Your most valuable asset is your brand reputation. We all fear feedback about our business. Bad feedback can be unfair, misleading, and just plain inaccurate. Bad feedback can happen regardless of the quality of your work or how many people love your business. So instead of worrying about the next online rant from a dissatisfied customer, take charge.
Here is how you should respond to bad feedback.
Gather all the Facts
Our first instinct to protect our brand is to reply instantly or delete bad feedback. Resist this urge.
Sometimes, bad feedback can help, not harm, your business. Take some time to cool off and gather all the information you can about this customer and why they placed bad feedback. It is ok to get a second opinion and talk to colleagues first before replying.
Acknowledge the Issue
Don’t ignore the issue. In most cases, even if you don’t think the customer is right, it’s important to acknowledge the issue. If someone left bad feedback, they took time out of their day to let you know how they felt. Respond to them so they know their words aren’t falling on deaf ears. For example, begin your response with something like this:
“Thank you for providing your feedback and letting us know about this issue, we are sorry you felt this way.”
There are three things to remember when providing an explanation:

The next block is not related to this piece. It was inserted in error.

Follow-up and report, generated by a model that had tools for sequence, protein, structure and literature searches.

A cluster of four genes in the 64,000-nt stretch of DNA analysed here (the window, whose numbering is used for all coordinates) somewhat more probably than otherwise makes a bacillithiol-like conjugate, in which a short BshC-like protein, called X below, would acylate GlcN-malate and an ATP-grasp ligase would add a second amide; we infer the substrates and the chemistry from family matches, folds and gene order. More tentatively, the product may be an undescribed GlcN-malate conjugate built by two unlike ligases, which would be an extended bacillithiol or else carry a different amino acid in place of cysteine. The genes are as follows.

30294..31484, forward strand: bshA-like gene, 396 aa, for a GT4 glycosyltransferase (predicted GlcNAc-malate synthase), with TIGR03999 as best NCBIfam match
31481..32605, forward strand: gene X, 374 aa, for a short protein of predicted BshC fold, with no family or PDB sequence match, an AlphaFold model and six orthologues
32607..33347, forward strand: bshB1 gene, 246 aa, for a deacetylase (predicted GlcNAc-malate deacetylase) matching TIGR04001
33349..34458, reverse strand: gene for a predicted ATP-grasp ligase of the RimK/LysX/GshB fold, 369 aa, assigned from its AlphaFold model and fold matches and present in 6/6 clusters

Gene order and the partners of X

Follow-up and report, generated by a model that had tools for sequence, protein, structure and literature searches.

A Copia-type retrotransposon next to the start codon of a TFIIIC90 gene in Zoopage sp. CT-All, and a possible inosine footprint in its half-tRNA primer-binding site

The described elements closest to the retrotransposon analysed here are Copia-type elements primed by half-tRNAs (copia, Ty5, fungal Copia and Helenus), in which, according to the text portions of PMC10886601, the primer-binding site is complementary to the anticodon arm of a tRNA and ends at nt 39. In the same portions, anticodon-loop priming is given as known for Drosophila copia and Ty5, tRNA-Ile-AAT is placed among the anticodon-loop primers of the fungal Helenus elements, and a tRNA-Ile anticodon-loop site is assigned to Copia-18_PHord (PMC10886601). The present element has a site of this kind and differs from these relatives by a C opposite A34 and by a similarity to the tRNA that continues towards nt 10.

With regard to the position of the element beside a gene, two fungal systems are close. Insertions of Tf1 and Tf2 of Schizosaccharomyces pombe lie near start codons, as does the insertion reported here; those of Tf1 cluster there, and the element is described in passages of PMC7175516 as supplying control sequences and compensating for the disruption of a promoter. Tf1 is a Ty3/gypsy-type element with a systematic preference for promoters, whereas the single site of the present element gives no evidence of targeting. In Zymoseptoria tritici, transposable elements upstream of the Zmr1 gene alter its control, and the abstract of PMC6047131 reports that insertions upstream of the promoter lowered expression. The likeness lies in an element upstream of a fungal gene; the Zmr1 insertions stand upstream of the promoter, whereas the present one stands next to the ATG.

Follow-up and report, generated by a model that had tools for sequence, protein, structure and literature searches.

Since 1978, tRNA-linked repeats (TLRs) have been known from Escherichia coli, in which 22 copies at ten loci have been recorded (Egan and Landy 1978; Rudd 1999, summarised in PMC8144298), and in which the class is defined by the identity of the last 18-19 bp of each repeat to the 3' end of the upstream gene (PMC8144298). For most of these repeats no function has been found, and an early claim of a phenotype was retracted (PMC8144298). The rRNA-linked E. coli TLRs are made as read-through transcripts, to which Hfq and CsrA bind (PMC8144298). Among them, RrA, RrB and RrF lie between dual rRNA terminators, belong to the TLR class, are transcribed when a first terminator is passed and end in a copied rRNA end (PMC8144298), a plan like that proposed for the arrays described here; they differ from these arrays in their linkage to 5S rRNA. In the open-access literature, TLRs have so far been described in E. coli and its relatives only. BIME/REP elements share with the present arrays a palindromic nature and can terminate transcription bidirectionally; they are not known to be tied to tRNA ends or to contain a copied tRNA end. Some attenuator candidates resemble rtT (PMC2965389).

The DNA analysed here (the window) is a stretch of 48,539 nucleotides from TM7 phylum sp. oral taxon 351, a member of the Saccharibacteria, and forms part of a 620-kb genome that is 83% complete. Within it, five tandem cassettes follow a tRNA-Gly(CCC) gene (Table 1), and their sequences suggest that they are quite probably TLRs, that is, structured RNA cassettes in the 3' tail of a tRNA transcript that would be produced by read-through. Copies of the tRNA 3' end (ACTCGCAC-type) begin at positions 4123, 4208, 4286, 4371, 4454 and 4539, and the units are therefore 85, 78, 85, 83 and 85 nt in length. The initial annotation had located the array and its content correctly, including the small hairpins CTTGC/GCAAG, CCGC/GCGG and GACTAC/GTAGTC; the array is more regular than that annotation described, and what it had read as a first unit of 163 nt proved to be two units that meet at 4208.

Don’t make excuses–take responsibility. Be clear why the misunderstanding occurred.
Issue an apology, even if the other party was in the wrong.
Offer advice on how to re-engage with your business.
33% of negative reviews on Yelp turn positive when you take the time to respond to an upset customer.
Promote a Positive Image of your Business
Without sounding like you’re contradicting the guest, convey why his or her experience is rare in sincere and non-condescending language.
If it feels natural, include some of your business’s strengths in your reply. Responses can be a great way to flip the narrative and frame your business in a positive light—while still making the customer feel heard.
Follow up Offline
Once you have replied online to your customer, follow up with them offline. Taking the issue offline shows that you’re fully willing to handle this situation—and you’re not just apologising for show.
We do not recommend that you ask the person to remove the bad feedback, as this could make the situation worse. Instead, ensure the client feels that their bad feedback was acknowledged.
Learn from the Bad Feedback
It may seem counter-intuitive, but bad feedback can also be a valuable part of your marketing strategy.
Customers are looking for negative comments and feedback. They want to know any shortcomings of your product or service. They know that a perfect 5 Star ratings review may not believable, and they want to know the little things that aren’t so good that they can live with.
Negative reviews and bad feedback are authentic. If a customer takes the time to point out the flaws in your product or service, then it is a good indicator that they have been a customer and used the product.
In summary, learn from the bad feedback. We need to know what our customers think. And reviews and comments on social media are a great way to get that feedback straight from our customers, and help us all to identify ways to improve our offerings.